2019 Nissan Kicks vs. 2019 Mitsubishi Eclipse Cross

Detailed Review, Specifications & Comparison

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Safety

Both the Kicks and the Eclipse Cross have standard driver and passenger frontal airbags, front side-impact airbags, driver knee airbags, side-impact head airbags, front seatbelt pretensioners, front wheel drive, height adjustable front shoulder belts, four-wheel antilock brakes, traction control, electronic stability systems to prevent skidding, rearview cameras, available blind spot warning systems, around view monitors and rear cross-path warning.

Warranty

The Kicks’ corrosion warranty is unlimited miles longer than the Eclipse Cross’ (unlimited vs. 100,000 miles).

There are over 3 times as many Nissan dealers as there are Mitsubishi dealers, which makes it much easier should you ever need service under the Kicks’ warranty.

Reliability

J.D. Power and Associates’ 2018 Initial Quality Study of new car owners surveyed provide the statistics that show that Nissan vehicles are better in initial quality than Mitsubishi vehicles. J.D. Power ranks Nissan 10th in initial quality, above the industry average. With 26 more problems per 100 vehicles, Mitsubishi is ranked 26th, below the industry average.

J.D. Power and Associates’ 2018 survey of the owners of three-year-old vehicles provides the long-term dependability statistics that show that Nissan vehicles are more reliable than Mitsubishi vehicles. J.D. Power ranks Nissan 10th in reliability, above the industry average. With 40 more problems per 100 vehicles, Mitsubishi is ranked 26th.

Fuel Economy and Range

On the EPA test cycle the Kicks gets better fuel mileage than the Eclipse Cross:

 

 

 

MPG

Kicks

 

FWD

1.4 turbo 4 cyl.

31 city/36 hwy

Eclipse Cross

 

FWD

ES 1.5 turbo 4 cyl.

26 city/29 hwy

 

AWD

ES 1.5 turbo 4 cyl.

25 city/28 hwy

 

 

1.5 turbo 4 cyl.

25 city/26 hwy

Tires and Wheels

The Kicks S’ standard tires provide better handling because they have a lower 60 series profile (height to width ratio) that provides a stiffer sidewall than the Eclipse Cross ES’ standard 70 series tires.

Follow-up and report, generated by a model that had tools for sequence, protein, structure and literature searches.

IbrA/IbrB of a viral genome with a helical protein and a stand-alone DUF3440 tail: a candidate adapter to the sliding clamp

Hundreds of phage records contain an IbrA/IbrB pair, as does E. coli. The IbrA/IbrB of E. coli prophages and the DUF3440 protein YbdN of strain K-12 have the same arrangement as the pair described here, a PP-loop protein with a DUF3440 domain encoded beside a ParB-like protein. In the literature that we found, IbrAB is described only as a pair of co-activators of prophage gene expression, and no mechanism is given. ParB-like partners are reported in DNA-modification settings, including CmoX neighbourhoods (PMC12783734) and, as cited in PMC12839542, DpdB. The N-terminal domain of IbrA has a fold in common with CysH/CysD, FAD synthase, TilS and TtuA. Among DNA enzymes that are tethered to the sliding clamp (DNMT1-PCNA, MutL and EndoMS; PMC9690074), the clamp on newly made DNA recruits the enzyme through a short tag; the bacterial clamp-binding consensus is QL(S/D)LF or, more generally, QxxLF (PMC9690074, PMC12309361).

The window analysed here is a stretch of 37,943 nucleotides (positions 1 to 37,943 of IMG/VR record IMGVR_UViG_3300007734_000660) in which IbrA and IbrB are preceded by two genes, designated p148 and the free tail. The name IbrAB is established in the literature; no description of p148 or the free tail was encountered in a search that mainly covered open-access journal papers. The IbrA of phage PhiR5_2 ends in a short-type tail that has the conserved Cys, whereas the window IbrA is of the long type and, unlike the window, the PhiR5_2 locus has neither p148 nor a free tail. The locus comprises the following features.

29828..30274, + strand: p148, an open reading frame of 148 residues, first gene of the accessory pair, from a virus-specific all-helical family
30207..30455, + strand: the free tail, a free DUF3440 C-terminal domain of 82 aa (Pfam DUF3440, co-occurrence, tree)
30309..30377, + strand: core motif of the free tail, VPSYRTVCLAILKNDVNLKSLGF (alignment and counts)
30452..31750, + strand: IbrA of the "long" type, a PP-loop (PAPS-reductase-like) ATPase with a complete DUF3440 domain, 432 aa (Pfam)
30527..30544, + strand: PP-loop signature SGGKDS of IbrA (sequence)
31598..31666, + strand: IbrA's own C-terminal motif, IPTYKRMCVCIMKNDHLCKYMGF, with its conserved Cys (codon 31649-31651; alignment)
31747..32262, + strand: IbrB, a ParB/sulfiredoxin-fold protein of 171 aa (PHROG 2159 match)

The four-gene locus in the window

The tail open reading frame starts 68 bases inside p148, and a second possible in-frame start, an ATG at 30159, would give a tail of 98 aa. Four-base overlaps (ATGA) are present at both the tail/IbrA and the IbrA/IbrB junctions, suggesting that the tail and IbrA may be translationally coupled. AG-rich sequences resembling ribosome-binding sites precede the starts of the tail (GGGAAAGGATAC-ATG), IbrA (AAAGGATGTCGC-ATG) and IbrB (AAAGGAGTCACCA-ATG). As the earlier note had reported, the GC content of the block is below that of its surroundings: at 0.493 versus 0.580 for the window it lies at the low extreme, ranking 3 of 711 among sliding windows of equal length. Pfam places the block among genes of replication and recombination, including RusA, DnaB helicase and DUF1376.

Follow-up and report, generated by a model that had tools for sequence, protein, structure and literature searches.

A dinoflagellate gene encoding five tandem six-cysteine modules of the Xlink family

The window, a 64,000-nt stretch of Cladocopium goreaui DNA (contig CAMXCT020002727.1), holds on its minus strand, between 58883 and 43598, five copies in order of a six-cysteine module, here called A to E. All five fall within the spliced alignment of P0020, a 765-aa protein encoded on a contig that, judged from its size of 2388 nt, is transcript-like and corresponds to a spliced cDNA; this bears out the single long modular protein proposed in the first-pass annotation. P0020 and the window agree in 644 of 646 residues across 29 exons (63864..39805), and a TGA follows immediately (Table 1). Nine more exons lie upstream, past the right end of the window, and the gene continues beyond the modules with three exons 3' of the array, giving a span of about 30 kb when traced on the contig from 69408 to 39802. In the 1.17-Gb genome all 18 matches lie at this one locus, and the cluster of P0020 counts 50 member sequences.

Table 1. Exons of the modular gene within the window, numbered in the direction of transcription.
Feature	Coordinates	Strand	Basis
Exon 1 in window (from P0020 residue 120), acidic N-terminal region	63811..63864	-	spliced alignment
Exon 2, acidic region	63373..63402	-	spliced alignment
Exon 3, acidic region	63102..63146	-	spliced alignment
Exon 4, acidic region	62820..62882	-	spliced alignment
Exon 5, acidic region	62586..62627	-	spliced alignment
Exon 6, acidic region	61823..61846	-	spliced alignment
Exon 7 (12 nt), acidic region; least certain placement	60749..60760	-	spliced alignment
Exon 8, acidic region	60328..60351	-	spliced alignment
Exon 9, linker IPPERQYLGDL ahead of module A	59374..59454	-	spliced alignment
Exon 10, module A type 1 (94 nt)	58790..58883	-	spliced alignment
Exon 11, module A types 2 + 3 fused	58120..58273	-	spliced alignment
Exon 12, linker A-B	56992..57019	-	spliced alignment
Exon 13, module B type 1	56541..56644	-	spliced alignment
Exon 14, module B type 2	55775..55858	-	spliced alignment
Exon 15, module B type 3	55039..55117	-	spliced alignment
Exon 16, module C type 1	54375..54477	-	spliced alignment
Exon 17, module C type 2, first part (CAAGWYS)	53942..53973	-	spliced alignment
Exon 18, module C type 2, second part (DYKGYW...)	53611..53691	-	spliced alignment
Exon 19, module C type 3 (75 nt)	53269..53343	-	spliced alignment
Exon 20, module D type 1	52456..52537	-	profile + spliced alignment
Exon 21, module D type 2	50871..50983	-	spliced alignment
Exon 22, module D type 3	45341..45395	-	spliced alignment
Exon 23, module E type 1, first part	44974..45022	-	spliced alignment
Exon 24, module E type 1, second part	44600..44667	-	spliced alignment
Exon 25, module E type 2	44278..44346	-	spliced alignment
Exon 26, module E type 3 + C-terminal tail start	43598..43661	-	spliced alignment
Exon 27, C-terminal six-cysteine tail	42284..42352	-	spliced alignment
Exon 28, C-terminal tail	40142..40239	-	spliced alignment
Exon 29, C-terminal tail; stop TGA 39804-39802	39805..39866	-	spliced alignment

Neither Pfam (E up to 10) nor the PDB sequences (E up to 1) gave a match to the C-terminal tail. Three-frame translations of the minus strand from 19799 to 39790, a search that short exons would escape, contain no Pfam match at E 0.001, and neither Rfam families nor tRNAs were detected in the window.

The Kicks has a standard easy tire fill system. When inflating the tires, the vehicle’s integrated tire pressure sensors keep track of the pressure as the tires fill and tell the driver when the tires are inflated to the proper pressure. The Eclipse Cross doesn’t offer vehicle monitored tire inflation.

Suspension and Handling

The Kicks has vehicle speed sensitive variable-assist power steering, for low-effort parking, better control at highway speeds and during hard cornering, and a better feel of the road. The Eclipse Cross doesn’t offer variable-assist power steering.

The Kicks SR handles at .83 G’s, while the Eclipse Cross SE AWD pulls only .76 G’s of cornering force in a Car and Driver skidpad test.

For better maneuverability, the Kicks’ turning circle is .7 feet tighter than the Eclipse Cross AWD’s (34.1 feet vs. 34.8 feet). The Kicks’ turning circle is .9 feet tighter than the Eclipse Cross ES’ (34.1 feet vs. 35 feet).

Chassis

The Nissan Kicks may be more efficient, handle and accelerate better because it weighs about 650 to 850 pounds less than the Mitsubishi Eclipse Cross.

The Kicks is 4.3 inches shorter than the Eclipse Cross, making the Kicks easier to handle, maneuver and park in tight spaces.

Passenger Space

The Kicks has 1.2 inches more front headroom, 2.8 inches more front legroom and 1.2 inches more rear headroom than the Eclipse Cross.

Cargo Capacity

The Kicks has a much larger cargo volume than the Eclipse Cross with its rear seat up (25.3 vs. 22.6 cubic feet).

Ergonomics

The Kicks SV/SR has a standard remote vehicle starting system, so the vehicle can be started from inside the driver's house. This allows the driver to comfortably warm up the engine before going out to the vehicle. The climate system will also automatically heat or cool the interior. The Eclipse Cross doesn’t offer a remote starting system.

The Kicks’ front power windows open or close fully with one touch of the switches, making it more convenient at drive-up windows and toll booths, or when talking with someone outside the car. The Eclipse Cross’ passenger windows don’t open or close automatically.

To improve rear visibility by keeping the rear window clear, the Kicks has a standard rear fixed intermittent wiper with a full on position. The rear wiper standard on the Eclipse Cross only has an intermittent setting, so in a hard rain visibility isn’t as good.

The Kicks has a standard automatic headlight on/off feature. When the ignition is on, the headlights automatically turn on at dusk and off after dawn. The Eclipse Cross has an automatic headlight on/off feature standard only on the SE/SEL.

Recommendations

The Nissan Kicks outsold the Mitsubishi Eclipse Cross by 87% during the 2018 model year.

© 1991-2018 Advanta-STAR Automotive Research. All rights reserved.

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